Depression is a serious mental illness that affects many people all over the globe. There are different stages of depression that people go through when they experience depression, and each stage has its own set of symptoms. If you or someone you love is experiencing symptoms of depression, it is important to identify and seek help right away.
If someone has any of the following, they may be suffering from depression:
An ongoing sense of sadness
Interest in daily tasks is little or nonexistent.
Little to no interest in past activities or hobbies that they once enjoyed
Unaffected by their diet, they either lose weight or gain weight.
Almost no energy
More days when they experience extreme fatigue
Uneasy sensations, agitation, or restlessness
People who struggle with depression or feel any of the stages of depression may also experience low self-esteem and feelings of inadequacy. They might appear to move or speak more slowly than others, and they might struggle to think clearly, come to decisions, or comprehend or pay attention to what others are saying in a conversation. They might also think of killing themselves, self-harming, or possibly ending their lives.
Stages Of Depression
Major Depressive Disorder
Major depressive illness is defined by a combination of symptoms and a consistently depressed mood that lasts at least two weeks.
People experiencing major depressive episodes often feel hopeless, sad, anxious, and worthless. They are also likely to have trouble sleeping and eating. Major Depressive Disorder is considered a “serious and persistent disease” that is treatable with therapy and/or medication.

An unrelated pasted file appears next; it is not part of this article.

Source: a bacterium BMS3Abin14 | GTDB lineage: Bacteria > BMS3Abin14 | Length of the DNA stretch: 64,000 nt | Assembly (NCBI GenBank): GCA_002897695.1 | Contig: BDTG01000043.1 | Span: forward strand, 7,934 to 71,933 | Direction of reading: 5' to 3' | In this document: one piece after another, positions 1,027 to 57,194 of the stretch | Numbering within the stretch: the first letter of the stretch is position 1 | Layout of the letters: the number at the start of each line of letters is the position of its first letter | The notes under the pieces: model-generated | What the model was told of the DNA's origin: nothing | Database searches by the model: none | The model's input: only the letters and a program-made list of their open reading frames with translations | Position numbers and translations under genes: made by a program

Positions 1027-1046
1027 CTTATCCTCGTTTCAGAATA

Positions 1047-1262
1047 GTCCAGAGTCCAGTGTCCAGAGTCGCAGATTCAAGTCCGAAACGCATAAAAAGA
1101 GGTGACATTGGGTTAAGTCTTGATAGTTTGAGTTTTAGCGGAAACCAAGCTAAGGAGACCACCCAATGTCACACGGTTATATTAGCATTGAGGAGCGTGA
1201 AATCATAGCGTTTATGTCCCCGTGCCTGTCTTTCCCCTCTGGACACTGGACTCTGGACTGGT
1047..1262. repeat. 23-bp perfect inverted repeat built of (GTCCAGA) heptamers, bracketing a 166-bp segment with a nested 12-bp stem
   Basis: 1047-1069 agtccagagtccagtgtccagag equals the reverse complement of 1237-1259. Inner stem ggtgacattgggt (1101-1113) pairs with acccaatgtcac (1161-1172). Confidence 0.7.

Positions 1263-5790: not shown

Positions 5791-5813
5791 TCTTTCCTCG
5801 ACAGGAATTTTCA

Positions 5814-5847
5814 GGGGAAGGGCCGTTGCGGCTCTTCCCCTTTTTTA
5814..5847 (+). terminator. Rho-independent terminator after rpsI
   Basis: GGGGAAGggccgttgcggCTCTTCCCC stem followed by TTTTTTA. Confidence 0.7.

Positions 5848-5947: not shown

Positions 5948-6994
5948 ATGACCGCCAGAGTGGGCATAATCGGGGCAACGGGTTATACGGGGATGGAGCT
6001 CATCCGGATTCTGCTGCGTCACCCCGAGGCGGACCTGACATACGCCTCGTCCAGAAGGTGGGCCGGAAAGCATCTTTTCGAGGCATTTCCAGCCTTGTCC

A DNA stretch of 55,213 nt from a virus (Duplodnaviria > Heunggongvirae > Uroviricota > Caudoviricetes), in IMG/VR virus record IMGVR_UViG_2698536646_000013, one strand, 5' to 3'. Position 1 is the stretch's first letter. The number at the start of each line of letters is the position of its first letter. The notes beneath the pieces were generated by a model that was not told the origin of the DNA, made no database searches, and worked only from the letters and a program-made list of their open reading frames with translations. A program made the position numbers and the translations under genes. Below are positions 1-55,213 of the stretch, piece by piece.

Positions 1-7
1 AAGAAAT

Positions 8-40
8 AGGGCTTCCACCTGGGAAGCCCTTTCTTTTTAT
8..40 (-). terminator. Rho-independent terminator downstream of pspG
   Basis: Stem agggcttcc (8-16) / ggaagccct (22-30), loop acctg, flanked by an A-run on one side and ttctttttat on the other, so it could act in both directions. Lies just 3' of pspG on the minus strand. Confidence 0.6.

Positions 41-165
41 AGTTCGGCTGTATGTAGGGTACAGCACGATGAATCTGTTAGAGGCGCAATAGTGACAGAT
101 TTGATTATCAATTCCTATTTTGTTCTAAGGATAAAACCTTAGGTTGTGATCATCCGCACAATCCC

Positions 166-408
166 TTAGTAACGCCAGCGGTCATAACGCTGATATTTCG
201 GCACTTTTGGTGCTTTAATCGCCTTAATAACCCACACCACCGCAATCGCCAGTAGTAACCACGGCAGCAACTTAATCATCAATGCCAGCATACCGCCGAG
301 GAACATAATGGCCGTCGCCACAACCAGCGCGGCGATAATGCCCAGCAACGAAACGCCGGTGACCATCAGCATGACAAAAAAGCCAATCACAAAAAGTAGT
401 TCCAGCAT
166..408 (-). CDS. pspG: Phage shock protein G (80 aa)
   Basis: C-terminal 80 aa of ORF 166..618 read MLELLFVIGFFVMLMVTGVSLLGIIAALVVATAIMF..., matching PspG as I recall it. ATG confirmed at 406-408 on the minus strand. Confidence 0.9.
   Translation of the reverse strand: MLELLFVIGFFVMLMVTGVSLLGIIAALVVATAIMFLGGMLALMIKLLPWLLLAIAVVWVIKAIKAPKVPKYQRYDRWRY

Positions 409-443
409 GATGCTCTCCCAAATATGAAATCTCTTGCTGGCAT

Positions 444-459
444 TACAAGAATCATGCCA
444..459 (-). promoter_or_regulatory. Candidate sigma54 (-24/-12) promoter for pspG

According to the National Institute of Mental Health, people experiencing major depressive disorder are typically depressed for six months or longer and show severe impairment in work, school, or other important areas of life.
The second stage of depression is “subsyndromal depression,” which is defined as a milder form of depression that doesn’t meet the diagnostic criteria for a major depressive episode but still causes significant distress. Subsyndromal depression is sometimes referred to as “low-grade depression.” Some people experience subsyndromal depression as a brief episode of depression that may resolve on its own within a few days or weeks.
Depressive Disorder’s Five Stages
Denial: A person can outright reject the notion if they do not wish to believe that depression is a possibility. Even though the symptoms have been present for some time, a person might not be able, willing, or ready to consider the possibility that they are profoundly depressed. They might even acknowledge that, despite feeling depressed, the mood is only fleeting and will soon pass. Negative emotions may be affecting their lives for a long time and they may not realize it. The denial phase is typically brief.
Anger: A person who is depressed could become upset at having to deal with it if and when denial fades. During this phase, it’s typical to feel helpless or victimized. People frequently ponder this question: “Why me?” This might be the case because the person is unaware of the stigma that frequently surrounds mental health illnesses or because they do not know where to go or who to turn to. At this time, a person may be concerned that will not have the resources or knowledge to deal with their sadness.